This post was originally published on Parenting ADHD & Autism on May 23rd, 2016.
PARENT: “My child is awful by the time he gets home! He plays video games and refuses to do anything else, screams at me, or abuses his sister until she cries.”
TEACHER: “He is an absolute angel at school! He does his work and is very well-behaved. I have no idea why he is like that at home.”
The Thoughts Behind the Conversation
PARENT: “What am I doing wrong?” OR “What are you doing to my child?” OR “My child must hate me.”
TEACHER: “If you would just do at home what I am doing at school, everything would be fine.” OR “I have no idea what this parent is talking about. Is this made up?”
The most important thoughts, though, are the child’s thoughts.
CHILD (at school): “I am going to do my best to be a good kid today so the teacher and the other kids will like me.”
CHILD (at home, after school): “That was so hard! I can’t do it any more — I need a break!”
When your child is the one who won’t stop playing video games, or who screams at his sister, or treats you like a punching bag, it can be hard to remember that he may just have nothing left.
It takes a lot of work to hold it together in an environment that is not suited to your needs.
- Sitting still when you want (need!) to move is work.
- Listening to a teacher when you have trouble understanding what she is saying is work.
- Understanding what the other kids expect you to do when you have trouble reading the unspoken social cues is work.
- Writing when you don’t have the fine motor skills to make it look nice is work.
If you find it easy to sit still, and you are great at understanding what others are communicating (both the spoken and unspoken messages), and you love any task that allows you to show off your amazing ability to draw or write, doing these things is not work.
Your resources are like water in a bucket. If you wake up refreshed, eat a good breakfast, and are in a good mood, you start the day with a full bucket. You can do anything! Everything you do that is hard for you drains some of the water from your bucket. Sitting still — if you are a kid who needs to move — drains some water from the bucket. Listening to the teacher and trying to understand what she wants you to do, when you have trouble understanding her, also drains water from your bucket. Figuring out why the other kids are reacting the way they are, when you can’t read their body language, drains more of your resources. And if you struggle with fine motor skills, writing and drawing don’t restore your reserves; those activities are draining.
If you are doing things that drain your bucket, you need to replenish the supply.
- If you need to move, recess and exercise can fill your bucket.
- If you love to read, quiet time with a book can fill your bucket.
- If you enjoy video games, playing can refill your bucket.
- If you like being alone and quiet, you may need to retreat to a safe place to calm your jangled nerves and refill your bucket.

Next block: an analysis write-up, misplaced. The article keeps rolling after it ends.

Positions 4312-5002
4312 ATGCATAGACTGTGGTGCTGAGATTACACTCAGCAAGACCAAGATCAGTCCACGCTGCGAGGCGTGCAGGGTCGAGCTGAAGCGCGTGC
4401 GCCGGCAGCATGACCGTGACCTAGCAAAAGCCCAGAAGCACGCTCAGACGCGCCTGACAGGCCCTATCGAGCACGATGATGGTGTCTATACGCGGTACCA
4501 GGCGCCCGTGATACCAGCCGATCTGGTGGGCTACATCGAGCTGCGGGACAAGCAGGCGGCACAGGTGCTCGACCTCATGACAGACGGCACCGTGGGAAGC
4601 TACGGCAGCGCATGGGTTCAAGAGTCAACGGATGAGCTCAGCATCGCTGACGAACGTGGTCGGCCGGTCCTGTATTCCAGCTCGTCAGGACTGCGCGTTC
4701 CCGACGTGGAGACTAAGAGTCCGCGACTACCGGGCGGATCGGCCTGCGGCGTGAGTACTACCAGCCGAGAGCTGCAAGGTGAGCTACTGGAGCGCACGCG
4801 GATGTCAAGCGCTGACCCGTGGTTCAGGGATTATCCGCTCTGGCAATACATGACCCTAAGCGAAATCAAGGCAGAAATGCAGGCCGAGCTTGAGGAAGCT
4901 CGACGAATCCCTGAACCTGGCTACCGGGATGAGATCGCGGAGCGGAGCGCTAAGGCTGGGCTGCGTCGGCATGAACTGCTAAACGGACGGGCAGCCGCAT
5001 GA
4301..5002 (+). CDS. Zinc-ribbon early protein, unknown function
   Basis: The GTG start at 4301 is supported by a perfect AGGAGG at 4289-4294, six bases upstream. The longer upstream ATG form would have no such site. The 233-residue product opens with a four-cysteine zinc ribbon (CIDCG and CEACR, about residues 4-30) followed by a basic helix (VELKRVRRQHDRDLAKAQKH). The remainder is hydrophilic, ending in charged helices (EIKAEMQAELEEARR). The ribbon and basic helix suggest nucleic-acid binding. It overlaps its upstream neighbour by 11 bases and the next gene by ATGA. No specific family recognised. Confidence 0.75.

What drains one child’s bucket may replenish the reserves of another. Carefully observe your child to see what she does for fun. Then make sure to build time in her schedule for her to do the things that will refill her bucket.
And if your kid’s bucket is drained? Don’t expect him to do things that are hard for him. That might mean canceling plans to hang out with a friend, or not going to a soccer game. Or, it might mean that homework isn’t going to get done tonight.
And that’s okay.
It’s more important that your child view himself as competent and able to navigate his challenges. It’s the job of the adults to make sure he has the resources to do that.
Do you need help with your child? Sarah Wayland can help you figure out how to support your child via classes, Special Needs Care Navigation services, Parent Coaching, or as your certified Relationship Development Intervention (RDI) consultant.
Thanks for this, Dr Wayland. As a person who needs quiet alone time to recharge, it speaks to me. I’m trying to think about what likely fills my 6yo daughter’s bucket. If I were to ask her, she would no doubt say her favorite thing is to watch tv. We try to limit it, but there are occasionally days we let it go and she watches for hours nonstop. There is an addiction component to it—the more she gets, the more she wants. How do I help her find the balance between recharging/bucket filling and enabling an addiction. Is tv the exception, meaning we should find another bucket filling activity? I don’t think she has ever chosen to stop watching tv of her own accord. Ever.
There’s a difference between doing something that restores your energy, and doing something that numbs pain, or allows you to escape your reality. Those activities are better thought of as “anesthesia”. Sometimes they are necessary, but they aren’t a long term solution. How does your daughter feel 30 minutes after she stops watching TV? I ask because transitioning away from something that feels like it is helping can be hard, and I don’t want the challenge of the transition to be confused with the kind of relief it brings.
If, half an hour after she stops watching, your daughter seems to be in a better place, then watching TV may well be refilling her bucket. If she is dysregulated or unhappy, you may need to view it as unhelpful.
There are some kids who cannot stop thinking obsessively about electronics, even when they are off them. That’s clearly a problem and for those kids, you may need to remove access so she can replace the time spent on TV watching with time spent on something that actually restores her energy.